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I pretty much associate with dave and Bash's experience. I love my work. My work is part of the dream.

Preparing early so that you can afford to live a lifelong dream is a big key.

I've had a lot of diverse experiences. A big part of being able to do that is my career. My dream is not to "chuck it all in and escape." My dream is to more fully integrate the boat part with the life part.

If I can swing moving aboard in the next 3-5 years I definitely will. Not to throw the lines and disappear but because there isn't much of shore based living I would miss.

In other words if you are gonna scrub toilets and make beds they may as well be on a boat...
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Old 31-10-2010, 21:59   #42
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an enthusiastic +!

Quote:
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In other words if you are gonna scrub toilets and make beds they may as well be on a boat...
I think that the above quote should become the new motto of Cruisers' Forum
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Old 31-10-2010, 22:08   #43
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The dream has always been there, though for some time it's possibility was so remote the dream just served as an escape from the rigors of life......there was a time when I was actually in a financial position to be able to afford it, but everything else going on in my life kept me from even thinking of it. It took a major life altering event combined with a near death experience to land me in a "boat town". Here I had enough exposure to boats so all my dreams came flooding back....and the possibility of getting a boat happened. I just ended up with the type of boat that was pulling at it's mooring lines to follow my dream.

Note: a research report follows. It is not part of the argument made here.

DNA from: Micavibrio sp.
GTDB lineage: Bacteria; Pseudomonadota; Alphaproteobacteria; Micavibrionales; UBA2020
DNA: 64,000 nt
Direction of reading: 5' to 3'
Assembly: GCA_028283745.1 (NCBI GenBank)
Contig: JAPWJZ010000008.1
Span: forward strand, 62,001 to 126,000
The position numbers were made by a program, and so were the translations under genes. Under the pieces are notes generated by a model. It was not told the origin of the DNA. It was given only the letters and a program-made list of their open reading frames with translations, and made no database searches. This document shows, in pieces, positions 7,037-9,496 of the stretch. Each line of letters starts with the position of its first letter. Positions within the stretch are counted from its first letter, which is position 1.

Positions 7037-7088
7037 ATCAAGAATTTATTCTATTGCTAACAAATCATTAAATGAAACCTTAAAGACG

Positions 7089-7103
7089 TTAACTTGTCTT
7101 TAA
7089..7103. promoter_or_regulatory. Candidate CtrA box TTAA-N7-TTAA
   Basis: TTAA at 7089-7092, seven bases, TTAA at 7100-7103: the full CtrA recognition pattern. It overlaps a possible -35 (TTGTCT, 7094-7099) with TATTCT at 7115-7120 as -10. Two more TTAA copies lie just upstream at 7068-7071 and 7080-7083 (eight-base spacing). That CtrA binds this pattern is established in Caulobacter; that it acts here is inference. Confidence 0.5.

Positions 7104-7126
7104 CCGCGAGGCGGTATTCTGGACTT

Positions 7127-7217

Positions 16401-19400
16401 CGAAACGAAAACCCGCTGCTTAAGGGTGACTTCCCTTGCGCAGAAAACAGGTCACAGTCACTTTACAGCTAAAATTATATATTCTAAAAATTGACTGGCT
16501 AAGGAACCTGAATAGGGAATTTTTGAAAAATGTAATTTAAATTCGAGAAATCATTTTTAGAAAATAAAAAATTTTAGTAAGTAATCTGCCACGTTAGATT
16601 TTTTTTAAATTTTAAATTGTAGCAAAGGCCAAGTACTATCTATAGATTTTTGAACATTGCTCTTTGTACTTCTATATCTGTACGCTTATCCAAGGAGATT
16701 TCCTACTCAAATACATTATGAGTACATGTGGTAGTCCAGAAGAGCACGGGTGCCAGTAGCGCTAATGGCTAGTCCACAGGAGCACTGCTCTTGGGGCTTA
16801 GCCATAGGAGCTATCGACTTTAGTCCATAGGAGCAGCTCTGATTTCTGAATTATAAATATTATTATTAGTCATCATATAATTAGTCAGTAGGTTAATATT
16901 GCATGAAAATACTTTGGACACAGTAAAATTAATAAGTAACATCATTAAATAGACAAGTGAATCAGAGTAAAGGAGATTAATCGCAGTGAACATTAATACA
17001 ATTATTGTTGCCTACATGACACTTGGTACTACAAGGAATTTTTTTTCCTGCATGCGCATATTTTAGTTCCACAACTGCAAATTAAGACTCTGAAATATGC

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Old 01-11-2010, 05:43   #44
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I am living my dream. A few months a year at home (Chesapeake Bay) on land to enjoy some space, spend time with the family and friends.... and the rest roaming the waters by boat. South for the winters .... and if we decide to keep going for a few more months thats ok too. If you work online, you can be anywhere you can get a little internet Life is good.
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Old 01-11-2010, 06:00   #45
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Hey Markus,

Well we headed off early 2003. Got back 6 weeks ago - only to see my son go through Yr 11 and 12 (possibly into Uni if ....)

Then we are off again.

http://i665.photobucket.com/albums/v...uencies045.jpg

The above was taken crossing the gulf of carpentaria

The pic below is me -' warts and all' I guess it shows if I am doing what I want to do or not

http://i665.photobucket.com/albums/v...011_edited.jpg

[might also explain why I am best kept away from civilised towns!]